In a paper published in Nature today, IBM showed it’s possible to build analog AI chips that can handle natural-language AI tasks with an estimated 14 times more energy efficiency.
Although we’re still just at the precipice of the AI revolution, artificial intelligence has already begun to revolutionize the way we live and work. There’s just one problem: AI technology is incredibly power-hungry. By some estimates, running a large AI model generates more emissions over its lifetime than the average American car.
The future of AI requires new innovations in energy efficiency, from the way models are designed down to the hardware that runs them. And in a world that’s increasingly threatened by climate change, any advances in AI energy efficiency are essential to keep pace with AI’s rapidly expanding carbon footprint.
And one of the latest breakthroughs in AI efficiency from IBM Research relies on analog chips — ones that consume much less power. In a paper published in Nature today,1 researchers from IBM labs around the world presented their prototype analog AI chip for energy-efficient speech recognition and transcription. Their design was utilized in two AI inference experiments, and in both cases, the analog chips performed these tasks just as reliably as comparable all-digital devices — but finished the tasks faster and used less energy.
The concept of designing analog chips for AI inference is not new — researchers have been contemplating the idea for years. Back in 2021, a team at IBM developed chips that use Phase-change memory (PCM) works when an electrical pulse is applied to a material, which changes the conductance of the device. The material switches between amorphous and crystalline phases, where a lower electrical pulse will make the device more crystalline, providing less resistance, and a high enough electrical pulse makes the device amorphous, resulting in large resistance. Instead of recording the usual 0s or 1s you would see in digital systems, the PCM device records its state as a continuum of values between the amorphous and crystalline states. This value is called a synaptic weight, which can be stored in the physical atomic configuration of each PCM device. The memory is non-volatile, so the weights are retained when the power supply is switched off.phase-change memory to encode the weights of a neural network directly onto the physical chip. But previous research in the field hasn’t shown how chips like these could be used on the massive models we see dominating the AI landscape today. For example, GPT-3, one of the larger popular models, has 175 billion parameters, or weights.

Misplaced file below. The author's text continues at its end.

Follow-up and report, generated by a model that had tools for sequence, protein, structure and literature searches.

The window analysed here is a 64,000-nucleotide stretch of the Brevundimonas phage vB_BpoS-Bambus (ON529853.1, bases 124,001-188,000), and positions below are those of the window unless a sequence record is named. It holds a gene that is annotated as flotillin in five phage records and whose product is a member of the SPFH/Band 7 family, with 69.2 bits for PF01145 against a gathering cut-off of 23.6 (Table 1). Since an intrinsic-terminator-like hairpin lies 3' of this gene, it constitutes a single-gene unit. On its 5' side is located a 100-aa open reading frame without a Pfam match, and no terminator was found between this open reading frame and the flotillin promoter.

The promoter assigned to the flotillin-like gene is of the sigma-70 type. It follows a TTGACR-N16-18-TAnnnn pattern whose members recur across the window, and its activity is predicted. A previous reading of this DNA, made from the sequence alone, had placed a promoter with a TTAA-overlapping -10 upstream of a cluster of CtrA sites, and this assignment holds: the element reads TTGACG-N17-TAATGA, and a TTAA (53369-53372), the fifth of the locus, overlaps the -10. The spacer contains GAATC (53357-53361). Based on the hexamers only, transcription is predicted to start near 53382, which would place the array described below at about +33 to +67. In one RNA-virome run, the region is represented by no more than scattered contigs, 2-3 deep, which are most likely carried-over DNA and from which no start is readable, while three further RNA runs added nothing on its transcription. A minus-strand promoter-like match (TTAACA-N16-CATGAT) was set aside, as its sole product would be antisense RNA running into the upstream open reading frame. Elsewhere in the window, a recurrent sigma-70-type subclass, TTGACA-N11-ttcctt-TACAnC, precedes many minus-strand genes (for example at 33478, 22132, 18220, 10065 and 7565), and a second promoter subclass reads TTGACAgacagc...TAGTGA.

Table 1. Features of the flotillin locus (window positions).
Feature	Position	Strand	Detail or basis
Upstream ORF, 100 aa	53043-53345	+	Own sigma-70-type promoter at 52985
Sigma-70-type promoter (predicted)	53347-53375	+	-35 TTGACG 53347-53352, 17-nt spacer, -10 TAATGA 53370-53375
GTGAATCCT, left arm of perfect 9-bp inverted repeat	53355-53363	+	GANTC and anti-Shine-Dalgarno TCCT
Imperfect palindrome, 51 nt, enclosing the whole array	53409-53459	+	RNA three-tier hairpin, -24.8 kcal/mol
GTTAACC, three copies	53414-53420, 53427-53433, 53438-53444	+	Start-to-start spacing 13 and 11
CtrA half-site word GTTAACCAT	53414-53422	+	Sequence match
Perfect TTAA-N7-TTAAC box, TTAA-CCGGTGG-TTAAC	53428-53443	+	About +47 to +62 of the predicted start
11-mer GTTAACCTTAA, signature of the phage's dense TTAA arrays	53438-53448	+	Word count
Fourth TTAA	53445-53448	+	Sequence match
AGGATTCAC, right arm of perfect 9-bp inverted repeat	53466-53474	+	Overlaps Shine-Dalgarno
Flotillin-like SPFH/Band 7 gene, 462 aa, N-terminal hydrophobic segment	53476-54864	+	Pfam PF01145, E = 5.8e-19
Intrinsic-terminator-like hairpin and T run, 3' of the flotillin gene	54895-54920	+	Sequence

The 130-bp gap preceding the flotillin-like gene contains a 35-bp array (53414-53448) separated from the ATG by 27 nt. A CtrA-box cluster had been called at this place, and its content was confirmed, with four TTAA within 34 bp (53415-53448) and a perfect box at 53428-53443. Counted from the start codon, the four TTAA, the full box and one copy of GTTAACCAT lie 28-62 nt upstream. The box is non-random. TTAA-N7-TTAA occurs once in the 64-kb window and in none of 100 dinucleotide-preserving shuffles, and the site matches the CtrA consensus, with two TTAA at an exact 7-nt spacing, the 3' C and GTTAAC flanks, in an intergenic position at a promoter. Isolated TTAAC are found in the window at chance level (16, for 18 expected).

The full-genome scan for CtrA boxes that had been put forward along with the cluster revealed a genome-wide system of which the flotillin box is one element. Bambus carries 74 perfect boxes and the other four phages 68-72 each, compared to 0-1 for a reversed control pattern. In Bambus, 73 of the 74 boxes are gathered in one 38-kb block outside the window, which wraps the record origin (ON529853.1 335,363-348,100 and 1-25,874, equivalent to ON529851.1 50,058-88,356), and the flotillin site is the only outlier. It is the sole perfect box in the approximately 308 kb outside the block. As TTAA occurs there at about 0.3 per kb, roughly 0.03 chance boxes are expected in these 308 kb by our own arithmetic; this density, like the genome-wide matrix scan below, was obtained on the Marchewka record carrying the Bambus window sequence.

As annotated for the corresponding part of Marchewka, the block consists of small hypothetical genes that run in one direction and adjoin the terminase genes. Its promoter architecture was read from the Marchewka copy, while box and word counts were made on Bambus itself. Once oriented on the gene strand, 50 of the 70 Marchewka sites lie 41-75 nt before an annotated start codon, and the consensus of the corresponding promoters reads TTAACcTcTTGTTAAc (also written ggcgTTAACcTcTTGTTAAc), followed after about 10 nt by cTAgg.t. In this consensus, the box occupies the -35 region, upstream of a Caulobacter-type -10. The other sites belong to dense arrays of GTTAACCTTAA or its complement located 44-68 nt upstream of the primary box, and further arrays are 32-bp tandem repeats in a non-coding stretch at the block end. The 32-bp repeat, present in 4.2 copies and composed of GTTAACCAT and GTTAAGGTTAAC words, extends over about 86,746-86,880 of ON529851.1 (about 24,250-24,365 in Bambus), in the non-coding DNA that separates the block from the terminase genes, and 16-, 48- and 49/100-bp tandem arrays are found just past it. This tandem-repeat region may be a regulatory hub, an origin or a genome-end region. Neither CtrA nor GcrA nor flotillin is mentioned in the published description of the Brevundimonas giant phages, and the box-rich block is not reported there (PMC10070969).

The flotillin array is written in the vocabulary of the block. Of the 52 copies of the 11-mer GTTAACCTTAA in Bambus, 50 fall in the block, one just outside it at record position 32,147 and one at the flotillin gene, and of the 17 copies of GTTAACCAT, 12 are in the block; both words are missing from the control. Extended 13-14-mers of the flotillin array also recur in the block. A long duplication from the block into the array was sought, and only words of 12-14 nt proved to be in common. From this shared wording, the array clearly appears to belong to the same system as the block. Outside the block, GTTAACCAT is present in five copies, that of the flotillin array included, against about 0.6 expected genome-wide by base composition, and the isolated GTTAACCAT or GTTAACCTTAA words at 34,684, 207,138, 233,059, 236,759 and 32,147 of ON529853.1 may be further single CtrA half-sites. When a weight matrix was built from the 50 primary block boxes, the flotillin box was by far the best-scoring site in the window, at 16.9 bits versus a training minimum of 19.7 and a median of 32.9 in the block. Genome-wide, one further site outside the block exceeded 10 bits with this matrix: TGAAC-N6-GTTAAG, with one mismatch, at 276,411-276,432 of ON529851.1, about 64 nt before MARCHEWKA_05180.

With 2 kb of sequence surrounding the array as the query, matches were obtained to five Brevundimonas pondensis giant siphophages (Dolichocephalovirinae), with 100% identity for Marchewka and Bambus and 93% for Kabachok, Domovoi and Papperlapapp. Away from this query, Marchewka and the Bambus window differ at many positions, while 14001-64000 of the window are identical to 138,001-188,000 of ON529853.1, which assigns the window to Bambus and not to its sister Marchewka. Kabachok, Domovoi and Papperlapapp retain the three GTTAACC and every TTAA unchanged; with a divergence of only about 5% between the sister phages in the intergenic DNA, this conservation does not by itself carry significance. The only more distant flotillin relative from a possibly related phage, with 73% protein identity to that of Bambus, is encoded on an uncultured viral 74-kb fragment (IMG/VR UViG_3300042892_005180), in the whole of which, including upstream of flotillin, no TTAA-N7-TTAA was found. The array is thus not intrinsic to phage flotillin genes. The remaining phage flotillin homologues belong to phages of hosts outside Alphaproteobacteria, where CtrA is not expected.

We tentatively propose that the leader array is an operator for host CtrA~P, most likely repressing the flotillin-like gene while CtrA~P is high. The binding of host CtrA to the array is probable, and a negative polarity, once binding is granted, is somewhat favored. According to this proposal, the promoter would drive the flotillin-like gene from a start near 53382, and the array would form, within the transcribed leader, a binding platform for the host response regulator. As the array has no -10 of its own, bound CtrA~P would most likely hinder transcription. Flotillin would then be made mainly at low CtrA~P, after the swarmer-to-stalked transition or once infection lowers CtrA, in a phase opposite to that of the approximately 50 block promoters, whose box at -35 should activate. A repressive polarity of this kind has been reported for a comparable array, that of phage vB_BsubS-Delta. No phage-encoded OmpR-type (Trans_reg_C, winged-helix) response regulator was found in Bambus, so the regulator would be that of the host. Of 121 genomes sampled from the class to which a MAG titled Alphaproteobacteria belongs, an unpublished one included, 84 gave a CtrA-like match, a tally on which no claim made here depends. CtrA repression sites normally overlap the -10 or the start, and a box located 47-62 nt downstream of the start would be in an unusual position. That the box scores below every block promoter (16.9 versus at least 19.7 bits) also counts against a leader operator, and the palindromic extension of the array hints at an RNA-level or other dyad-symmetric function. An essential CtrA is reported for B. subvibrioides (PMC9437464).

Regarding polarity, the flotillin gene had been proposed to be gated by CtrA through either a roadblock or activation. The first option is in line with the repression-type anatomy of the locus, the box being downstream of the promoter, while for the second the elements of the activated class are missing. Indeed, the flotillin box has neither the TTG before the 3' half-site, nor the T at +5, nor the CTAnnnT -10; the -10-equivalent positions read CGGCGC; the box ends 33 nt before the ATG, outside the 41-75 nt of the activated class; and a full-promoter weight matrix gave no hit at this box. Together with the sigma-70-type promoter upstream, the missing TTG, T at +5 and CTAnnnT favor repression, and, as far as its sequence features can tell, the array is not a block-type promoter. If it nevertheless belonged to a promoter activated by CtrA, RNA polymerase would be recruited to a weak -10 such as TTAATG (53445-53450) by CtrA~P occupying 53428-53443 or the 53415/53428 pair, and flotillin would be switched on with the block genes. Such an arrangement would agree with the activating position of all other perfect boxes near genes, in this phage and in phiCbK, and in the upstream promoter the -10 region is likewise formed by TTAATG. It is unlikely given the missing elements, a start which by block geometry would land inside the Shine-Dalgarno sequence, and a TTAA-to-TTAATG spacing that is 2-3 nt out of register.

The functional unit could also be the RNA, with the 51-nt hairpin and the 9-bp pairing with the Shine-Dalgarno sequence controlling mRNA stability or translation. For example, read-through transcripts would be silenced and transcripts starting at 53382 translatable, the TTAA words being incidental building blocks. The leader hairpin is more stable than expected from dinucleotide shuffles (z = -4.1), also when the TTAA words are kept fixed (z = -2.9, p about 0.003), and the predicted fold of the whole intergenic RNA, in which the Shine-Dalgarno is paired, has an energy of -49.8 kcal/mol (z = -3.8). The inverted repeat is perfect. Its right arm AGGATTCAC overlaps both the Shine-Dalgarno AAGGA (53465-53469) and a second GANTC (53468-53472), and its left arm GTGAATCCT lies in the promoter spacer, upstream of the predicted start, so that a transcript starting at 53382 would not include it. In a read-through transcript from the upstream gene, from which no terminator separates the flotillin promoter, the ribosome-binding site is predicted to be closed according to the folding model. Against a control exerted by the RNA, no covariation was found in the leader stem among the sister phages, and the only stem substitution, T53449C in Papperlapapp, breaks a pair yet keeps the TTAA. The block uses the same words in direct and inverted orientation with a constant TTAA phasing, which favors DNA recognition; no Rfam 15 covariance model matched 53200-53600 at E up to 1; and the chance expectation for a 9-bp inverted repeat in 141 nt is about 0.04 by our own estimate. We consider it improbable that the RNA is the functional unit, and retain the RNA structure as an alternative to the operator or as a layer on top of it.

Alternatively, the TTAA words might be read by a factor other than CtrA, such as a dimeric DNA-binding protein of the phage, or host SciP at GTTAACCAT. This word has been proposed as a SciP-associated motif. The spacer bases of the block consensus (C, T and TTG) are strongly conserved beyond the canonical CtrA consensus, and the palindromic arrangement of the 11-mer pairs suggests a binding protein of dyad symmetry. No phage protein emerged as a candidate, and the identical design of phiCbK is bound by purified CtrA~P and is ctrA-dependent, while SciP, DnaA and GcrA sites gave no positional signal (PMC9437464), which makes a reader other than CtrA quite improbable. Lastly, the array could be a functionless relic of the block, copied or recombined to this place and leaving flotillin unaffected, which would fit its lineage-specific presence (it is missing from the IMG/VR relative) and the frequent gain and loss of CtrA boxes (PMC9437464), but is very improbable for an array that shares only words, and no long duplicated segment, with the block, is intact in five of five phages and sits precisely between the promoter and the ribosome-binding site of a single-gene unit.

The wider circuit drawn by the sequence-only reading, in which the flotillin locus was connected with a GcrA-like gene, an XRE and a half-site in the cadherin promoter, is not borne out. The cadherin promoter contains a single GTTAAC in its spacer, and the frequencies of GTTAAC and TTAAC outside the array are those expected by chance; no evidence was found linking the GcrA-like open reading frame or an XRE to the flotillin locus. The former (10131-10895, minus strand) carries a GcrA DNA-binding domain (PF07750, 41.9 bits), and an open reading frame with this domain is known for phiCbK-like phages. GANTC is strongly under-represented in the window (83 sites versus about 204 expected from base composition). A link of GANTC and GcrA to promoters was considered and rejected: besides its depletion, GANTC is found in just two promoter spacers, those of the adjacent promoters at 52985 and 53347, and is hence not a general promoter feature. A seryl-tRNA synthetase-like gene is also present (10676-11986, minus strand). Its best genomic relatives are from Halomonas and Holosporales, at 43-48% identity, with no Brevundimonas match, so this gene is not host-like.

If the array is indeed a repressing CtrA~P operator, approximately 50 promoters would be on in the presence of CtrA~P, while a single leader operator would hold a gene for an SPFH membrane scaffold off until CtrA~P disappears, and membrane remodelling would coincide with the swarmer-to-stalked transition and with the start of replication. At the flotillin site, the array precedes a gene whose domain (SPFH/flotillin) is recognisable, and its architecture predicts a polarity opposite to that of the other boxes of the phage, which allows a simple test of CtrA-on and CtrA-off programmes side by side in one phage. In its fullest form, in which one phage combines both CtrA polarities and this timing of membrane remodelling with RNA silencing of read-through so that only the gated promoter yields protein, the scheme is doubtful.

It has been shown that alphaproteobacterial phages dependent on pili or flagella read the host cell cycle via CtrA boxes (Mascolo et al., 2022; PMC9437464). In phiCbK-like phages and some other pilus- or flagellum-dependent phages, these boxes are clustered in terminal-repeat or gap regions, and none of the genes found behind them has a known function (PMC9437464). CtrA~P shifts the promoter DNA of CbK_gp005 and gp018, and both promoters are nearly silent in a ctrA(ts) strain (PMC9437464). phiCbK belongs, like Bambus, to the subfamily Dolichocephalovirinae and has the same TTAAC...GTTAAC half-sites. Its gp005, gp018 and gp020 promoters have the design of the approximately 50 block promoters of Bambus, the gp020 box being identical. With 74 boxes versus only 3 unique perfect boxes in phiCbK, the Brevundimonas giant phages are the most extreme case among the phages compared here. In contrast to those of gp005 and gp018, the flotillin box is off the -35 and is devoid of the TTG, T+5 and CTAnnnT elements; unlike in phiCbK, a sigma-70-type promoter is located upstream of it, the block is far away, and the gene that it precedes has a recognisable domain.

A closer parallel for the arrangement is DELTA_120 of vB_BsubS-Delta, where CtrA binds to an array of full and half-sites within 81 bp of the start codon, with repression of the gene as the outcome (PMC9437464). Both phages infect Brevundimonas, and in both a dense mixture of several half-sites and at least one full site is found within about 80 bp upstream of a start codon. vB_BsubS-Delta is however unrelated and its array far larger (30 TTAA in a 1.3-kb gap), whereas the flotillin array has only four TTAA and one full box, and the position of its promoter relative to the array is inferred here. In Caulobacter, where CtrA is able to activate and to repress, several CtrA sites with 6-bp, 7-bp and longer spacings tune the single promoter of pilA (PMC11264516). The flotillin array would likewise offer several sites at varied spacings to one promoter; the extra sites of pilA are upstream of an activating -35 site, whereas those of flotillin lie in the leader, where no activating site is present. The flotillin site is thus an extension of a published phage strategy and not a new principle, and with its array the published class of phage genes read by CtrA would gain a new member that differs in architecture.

The design that the team at IBM Research have created can encode 35 million phase-change memory devices per chip; in other words, models with up to 17 million parameters. While this isn’t yet at a size comparable to today’s cutting-edge generative AI models, combining several of these chips together has allowed it to tackle experiments on real AI use cases as effectively as digital chips could.